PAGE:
Pfizer Bets Its Coronavirus Vaccine And Emerging Political Controversy In The US

New York City-based pharmaceutical company, Pfizer Inc. of Pfizer is confident that its COVID-19 vaccine candidate has a huge chance to be proved effective in the clinical trial, as per Reuters that saw the internal documents of the company. A few weeks back, the company shared a view that the effectiveness and safety of the vaccine, which is currently developed together with Germany’s BioNTech SE, would be confirmed by the end of October.

Pfizer already submitted a protocol to the United States (US) Food and Drug Administration (FDA) for the vaccine review and an independent panel of experts known as a Data and Safety Monitoring Board would examine the protocol. Earlier, the company stated that it would soon apply for regulatory approval once the clinical trial is proved to be successful.

Meanwhile, it became a matter of political dispute as the Republican president Donald Trump claimed Wednesday, September 16, 2020, that a vaccine or COVID-19 would be possible before the November presidential election. Former vice-president, who is contesting against Trump, Joe Biden bluntly rejected Trump’s claim and warned that Americans could not trust the president’s words.

Pfizer’s Vaccine Candidate

The first assessment of the company’s trial includes 32 participants, who are infected by the coronavirus, and the trial is under the close observation of the monitoring board. So far, more than 29,000 people have enrolled in the trial that started in July, some receiving the vaccine and the others receiving a placebo.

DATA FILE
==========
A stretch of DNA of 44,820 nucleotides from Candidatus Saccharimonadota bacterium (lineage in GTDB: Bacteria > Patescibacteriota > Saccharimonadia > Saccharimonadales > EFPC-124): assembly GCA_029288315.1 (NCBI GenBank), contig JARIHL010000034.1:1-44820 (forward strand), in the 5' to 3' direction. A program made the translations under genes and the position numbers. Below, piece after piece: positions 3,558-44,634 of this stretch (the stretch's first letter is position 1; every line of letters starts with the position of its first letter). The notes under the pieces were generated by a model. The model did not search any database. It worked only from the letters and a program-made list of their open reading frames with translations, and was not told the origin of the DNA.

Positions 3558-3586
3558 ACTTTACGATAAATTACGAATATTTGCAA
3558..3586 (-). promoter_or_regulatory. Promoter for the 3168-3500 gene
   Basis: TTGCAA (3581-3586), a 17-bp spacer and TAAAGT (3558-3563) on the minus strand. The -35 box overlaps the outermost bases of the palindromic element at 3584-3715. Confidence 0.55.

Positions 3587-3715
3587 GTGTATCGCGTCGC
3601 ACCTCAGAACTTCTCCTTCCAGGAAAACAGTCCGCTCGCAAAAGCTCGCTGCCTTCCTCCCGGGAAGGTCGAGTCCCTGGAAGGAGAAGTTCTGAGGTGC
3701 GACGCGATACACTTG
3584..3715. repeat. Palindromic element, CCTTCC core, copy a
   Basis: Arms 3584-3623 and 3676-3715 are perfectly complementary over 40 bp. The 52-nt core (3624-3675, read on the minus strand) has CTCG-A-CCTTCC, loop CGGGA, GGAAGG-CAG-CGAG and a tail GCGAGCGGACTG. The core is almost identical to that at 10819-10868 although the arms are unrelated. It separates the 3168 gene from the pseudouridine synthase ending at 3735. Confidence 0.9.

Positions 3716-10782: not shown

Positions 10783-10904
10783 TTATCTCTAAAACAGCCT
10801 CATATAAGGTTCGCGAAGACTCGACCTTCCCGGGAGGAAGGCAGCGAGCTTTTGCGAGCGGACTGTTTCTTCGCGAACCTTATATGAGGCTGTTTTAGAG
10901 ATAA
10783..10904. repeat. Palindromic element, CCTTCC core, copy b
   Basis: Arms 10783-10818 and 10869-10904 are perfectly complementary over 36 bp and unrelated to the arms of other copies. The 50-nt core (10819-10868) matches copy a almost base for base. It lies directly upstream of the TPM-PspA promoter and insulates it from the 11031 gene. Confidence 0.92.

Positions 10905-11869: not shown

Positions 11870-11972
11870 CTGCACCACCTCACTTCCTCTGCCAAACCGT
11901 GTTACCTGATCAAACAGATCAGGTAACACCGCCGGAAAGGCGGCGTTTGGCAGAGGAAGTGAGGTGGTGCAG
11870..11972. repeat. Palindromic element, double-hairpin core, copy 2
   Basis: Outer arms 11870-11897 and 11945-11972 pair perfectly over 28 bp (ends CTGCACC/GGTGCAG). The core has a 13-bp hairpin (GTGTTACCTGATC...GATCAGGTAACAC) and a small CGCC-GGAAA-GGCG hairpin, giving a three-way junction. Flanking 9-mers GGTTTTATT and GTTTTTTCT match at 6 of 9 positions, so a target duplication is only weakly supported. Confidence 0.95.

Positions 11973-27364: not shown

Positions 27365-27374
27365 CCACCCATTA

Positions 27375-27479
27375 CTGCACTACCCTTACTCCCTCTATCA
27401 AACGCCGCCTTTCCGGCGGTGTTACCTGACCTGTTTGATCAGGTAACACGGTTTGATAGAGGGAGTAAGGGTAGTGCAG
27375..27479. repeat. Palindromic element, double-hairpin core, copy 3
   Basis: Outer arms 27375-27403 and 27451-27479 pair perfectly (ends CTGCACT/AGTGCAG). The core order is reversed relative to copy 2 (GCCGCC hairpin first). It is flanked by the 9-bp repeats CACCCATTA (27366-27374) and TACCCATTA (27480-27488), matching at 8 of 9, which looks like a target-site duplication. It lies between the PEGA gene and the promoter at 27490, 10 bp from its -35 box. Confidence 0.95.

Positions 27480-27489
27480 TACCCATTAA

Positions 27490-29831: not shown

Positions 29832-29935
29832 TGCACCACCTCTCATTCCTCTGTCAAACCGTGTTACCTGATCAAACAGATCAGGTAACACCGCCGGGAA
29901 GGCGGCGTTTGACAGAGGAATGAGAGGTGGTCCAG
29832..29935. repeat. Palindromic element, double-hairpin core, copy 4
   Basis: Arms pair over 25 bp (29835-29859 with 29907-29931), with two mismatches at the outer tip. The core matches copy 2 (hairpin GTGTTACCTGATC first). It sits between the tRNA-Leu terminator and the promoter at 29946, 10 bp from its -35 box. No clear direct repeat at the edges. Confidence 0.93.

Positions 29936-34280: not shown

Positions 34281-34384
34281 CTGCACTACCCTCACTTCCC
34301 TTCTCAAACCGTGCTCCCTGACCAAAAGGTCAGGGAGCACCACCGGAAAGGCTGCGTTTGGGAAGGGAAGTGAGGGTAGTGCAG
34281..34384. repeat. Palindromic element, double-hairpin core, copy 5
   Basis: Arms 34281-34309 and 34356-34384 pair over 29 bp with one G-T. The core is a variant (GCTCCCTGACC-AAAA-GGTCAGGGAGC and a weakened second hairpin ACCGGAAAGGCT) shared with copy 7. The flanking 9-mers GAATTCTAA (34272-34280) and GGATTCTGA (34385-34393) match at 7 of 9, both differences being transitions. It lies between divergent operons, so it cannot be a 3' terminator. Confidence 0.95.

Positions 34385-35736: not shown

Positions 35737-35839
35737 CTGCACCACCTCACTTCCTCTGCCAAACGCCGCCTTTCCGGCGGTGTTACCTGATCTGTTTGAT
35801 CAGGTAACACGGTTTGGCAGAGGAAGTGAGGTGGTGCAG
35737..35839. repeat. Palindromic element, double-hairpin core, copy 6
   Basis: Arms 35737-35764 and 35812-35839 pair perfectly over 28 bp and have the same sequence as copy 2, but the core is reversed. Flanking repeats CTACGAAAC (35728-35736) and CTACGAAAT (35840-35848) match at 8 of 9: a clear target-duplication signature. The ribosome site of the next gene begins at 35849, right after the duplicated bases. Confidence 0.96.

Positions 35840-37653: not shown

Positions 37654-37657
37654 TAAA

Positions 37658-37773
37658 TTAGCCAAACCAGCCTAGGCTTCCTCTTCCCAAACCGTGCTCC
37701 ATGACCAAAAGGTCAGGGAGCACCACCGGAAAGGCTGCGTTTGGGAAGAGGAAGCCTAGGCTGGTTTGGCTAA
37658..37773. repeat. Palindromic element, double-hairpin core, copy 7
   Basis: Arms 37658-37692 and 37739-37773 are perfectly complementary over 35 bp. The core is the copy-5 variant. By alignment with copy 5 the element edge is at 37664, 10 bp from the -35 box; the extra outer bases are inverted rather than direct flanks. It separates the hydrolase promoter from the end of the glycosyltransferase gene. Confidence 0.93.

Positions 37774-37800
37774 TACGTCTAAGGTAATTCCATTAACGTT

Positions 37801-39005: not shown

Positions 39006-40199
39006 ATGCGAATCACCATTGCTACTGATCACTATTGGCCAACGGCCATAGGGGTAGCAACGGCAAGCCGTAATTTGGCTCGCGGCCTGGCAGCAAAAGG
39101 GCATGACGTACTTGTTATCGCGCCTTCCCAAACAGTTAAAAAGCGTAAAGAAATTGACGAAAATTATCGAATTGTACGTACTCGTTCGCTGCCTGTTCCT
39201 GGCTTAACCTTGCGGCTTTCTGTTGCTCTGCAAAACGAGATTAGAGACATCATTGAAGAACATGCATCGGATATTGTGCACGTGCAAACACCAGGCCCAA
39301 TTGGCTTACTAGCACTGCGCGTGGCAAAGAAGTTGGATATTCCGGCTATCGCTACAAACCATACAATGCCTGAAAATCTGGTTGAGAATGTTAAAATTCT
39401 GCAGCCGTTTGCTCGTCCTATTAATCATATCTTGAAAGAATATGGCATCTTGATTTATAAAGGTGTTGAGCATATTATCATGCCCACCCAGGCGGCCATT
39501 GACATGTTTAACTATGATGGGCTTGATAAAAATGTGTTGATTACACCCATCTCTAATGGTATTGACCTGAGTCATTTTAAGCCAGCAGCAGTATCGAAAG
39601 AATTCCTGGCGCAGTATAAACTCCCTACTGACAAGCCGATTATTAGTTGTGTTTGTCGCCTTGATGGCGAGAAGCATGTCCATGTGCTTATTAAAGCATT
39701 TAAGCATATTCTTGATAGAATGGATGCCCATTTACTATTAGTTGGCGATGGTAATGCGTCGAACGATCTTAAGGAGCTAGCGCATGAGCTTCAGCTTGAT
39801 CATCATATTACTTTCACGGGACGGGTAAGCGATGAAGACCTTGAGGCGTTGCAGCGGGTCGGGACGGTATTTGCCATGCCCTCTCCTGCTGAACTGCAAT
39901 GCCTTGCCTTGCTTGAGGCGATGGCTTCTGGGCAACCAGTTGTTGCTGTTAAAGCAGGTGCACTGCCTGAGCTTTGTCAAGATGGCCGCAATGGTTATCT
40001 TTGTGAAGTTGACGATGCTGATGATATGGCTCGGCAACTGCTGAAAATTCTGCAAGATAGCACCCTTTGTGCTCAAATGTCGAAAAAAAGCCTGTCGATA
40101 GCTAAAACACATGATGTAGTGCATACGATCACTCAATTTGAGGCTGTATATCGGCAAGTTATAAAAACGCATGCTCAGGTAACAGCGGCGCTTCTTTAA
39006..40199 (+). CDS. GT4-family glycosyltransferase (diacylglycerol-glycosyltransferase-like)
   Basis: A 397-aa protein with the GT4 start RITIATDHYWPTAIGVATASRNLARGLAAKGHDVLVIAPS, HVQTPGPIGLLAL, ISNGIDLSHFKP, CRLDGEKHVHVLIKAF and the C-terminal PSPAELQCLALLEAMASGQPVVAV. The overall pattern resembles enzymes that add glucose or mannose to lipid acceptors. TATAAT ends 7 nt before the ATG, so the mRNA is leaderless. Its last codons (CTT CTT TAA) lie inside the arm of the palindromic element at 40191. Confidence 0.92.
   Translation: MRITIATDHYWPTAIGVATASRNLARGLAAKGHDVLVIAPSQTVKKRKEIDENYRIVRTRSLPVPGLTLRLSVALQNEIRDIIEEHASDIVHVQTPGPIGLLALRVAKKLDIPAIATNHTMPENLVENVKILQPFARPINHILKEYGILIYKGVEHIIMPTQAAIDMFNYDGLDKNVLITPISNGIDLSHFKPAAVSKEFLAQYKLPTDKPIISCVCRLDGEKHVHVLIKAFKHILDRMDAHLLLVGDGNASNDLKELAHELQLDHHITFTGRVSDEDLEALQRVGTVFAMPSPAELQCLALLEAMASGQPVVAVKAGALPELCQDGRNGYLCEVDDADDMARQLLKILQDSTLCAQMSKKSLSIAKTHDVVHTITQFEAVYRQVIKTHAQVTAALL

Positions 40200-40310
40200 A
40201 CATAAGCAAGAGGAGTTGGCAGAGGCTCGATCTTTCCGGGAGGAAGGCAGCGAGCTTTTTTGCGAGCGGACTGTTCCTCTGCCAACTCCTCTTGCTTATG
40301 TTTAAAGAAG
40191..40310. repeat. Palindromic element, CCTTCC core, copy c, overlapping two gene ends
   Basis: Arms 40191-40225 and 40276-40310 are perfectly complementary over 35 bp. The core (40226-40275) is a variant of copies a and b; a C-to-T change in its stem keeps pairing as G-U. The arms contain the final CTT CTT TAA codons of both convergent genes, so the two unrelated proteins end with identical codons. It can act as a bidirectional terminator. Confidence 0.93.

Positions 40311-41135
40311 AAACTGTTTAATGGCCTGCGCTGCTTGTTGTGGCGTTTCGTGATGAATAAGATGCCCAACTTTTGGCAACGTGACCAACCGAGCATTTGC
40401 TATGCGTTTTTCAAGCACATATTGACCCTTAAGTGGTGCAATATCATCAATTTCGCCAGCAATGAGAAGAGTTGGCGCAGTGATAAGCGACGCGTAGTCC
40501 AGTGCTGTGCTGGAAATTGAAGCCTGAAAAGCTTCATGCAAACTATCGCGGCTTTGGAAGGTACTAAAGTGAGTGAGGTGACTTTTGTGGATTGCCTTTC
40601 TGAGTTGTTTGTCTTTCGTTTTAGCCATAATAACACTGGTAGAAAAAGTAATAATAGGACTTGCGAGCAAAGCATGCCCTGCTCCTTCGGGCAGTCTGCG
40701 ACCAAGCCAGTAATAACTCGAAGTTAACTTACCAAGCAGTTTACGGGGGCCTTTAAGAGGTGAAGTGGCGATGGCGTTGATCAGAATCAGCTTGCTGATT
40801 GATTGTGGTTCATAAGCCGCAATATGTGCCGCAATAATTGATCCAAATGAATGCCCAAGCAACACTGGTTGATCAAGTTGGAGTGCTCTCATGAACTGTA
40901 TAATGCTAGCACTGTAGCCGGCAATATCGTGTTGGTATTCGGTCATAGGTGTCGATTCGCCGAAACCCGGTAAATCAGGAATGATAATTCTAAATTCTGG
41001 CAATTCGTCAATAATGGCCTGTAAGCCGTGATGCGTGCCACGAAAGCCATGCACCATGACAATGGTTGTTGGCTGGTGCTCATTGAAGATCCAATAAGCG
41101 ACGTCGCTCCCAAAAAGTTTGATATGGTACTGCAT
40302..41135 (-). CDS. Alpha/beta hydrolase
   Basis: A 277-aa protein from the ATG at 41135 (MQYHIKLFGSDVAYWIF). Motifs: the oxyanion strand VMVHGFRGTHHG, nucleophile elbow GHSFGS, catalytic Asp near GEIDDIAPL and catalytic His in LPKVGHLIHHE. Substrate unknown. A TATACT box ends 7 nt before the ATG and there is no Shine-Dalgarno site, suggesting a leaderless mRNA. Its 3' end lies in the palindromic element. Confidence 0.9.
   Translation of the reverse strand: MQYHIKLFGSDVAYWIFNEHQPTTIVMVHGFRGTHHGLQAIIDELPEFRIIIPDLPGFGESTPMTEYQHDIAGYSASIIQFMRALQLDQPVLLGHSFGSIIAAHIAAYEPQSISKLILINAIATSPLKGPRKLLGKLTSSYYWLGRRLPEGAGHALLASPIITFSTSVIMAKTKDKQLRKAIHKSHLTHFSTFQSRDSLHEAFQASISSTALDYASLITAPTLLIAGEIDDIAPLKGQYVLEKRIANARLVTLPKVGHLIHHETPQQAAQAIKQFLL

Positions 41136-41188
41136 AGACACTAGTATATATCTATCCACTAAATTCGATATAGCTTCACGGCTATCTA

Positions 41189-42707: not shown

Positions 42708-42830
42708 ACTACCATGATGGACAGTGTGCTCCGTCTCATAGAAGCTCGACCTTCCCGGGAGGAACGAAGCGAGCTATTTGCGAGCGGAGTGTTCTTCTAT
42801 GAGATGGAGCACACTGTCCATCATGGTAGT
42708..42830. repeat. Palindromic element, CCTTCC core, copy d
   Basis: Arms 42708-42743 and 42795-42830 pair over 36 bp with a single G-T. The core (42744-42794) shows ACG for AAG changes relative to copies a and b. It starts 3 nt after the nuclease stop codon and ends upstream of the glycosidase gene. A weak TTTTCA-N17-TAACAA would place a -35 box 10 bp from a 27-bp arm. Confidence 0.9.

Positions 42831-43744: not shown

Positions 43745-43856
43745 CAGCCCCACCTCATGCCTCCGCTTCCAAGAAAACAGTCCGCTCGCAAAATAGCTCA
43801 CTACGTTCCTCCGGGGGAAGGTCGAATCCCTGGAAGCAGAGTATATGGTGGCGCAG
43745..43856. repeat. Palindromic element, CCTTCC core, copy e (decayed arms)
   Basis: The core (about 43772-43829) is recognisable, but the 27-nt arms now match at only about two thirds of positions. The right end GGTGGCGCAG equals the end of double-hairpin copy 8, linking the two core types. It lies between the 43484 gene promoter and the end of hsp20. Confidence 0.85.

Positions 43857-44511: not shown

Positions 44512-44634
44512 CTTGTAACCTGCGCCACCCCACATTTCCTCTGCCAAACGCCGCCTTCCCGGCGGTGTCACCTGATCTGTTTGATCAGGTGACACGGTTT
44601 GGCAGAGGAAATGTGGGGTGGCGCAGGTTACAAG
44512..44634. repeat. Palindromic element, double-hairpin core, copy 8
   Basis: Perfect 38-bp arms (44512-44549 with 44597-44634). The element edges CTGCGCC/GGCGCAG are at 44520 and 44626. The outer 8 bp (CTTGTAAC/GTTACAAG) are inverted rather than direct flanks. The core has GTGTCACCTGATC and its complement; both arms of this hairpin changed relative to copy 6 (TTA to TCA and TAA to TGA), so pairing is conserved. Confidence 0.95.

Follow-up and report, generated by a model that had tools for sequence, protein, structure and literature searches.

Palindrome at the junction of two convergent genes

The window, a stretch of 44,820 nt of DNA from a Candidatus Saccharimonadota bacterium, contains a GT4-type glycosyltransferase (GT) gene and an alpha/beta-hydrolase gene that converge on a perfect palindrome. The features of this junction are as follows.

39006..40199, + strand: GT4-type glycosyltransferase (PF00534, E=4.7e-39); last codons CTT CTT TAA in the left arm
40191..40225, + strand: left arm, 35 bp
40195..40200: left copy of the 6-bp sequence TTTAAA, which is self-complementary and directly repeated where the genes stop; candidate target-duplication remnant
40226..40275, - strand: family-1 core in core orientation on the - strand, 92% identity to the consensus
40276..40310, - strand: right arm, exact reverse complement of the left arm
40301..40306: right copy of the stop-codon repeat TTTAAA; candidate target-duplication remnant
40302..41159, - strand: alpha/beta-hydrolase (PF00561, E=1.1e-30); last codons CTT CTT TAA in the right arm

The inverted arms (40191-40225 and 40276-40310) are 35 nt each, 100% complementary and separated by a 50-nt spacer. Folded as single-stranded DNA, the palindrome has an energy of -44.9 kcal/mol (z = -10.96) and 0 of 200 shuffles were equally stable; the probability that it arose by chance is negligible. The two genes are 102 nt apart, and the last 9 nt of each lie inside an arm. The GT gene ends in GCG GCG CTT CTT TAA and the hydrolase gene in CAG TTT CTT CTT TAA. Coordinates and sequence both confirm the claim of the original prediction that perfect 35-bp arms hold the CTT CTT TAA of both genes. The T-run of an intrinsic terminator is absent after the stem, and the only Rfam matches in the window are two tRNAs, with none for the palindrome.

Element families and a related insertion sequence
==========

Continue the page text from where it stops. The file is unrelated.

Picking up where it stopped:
Reflecting the concerns for vaccine approval, the FDA declared that a coronavirus vaccine must prove to be at least 50 percent more effective than a placebo in a large-scale trial. According to the company’s protocol, Pfizer’s vaccine would need to be at least 76.9% effective to show it works based on 32 infections, which would mean that no more than six of those people who received the vaccine could be infected again.

Pfizer said its interim analyses were designed to show conclusive evidence “as quickly as possible amid the devastating pandemic if our vaccine meets the stringent standards set by FDA.” However, if the drugmaker’s vaccine does not meet the 76.9% efficacy target at this first interim analysis, it would face tougher statistical significance thresholds during subsequent interim assessments.

Political Disputes Over Vaccine

On Wednesday, Trump shared a view that a coronavirus vaccine might be only weeks away and would be possible before the election to be held on November 3, which sparked political controversies in the US. Speaking during a CNN town hall in Moosic, Pennsylvania, Biden remarked, “The idea that there’s going to be a vaccine and everything’s gonna be fine tomorrow – it’s just not rational.”

Several scientists were stunned by Trump’s statement and questioned if it has any sufficient evidence about the vaccine. Earlier, health experts including Robert Redfield, the director of the Centers for Disease Control and Prevention, have stressed that a vaccine for COVID-19 would be less possible until half of the next year.

The US witnessed a death toll of more than 195,000 people while both Biden and Trump will be traveling to Minnesota on Friday, the first day of the early voting, amid the fear of the pandemic. Meanwhile, Trump accused Biden of spreading “anti-vaccine rhetoric,” while Biden emphasized that he would listen to scientists, not the president, regarding a vaccine’s safety.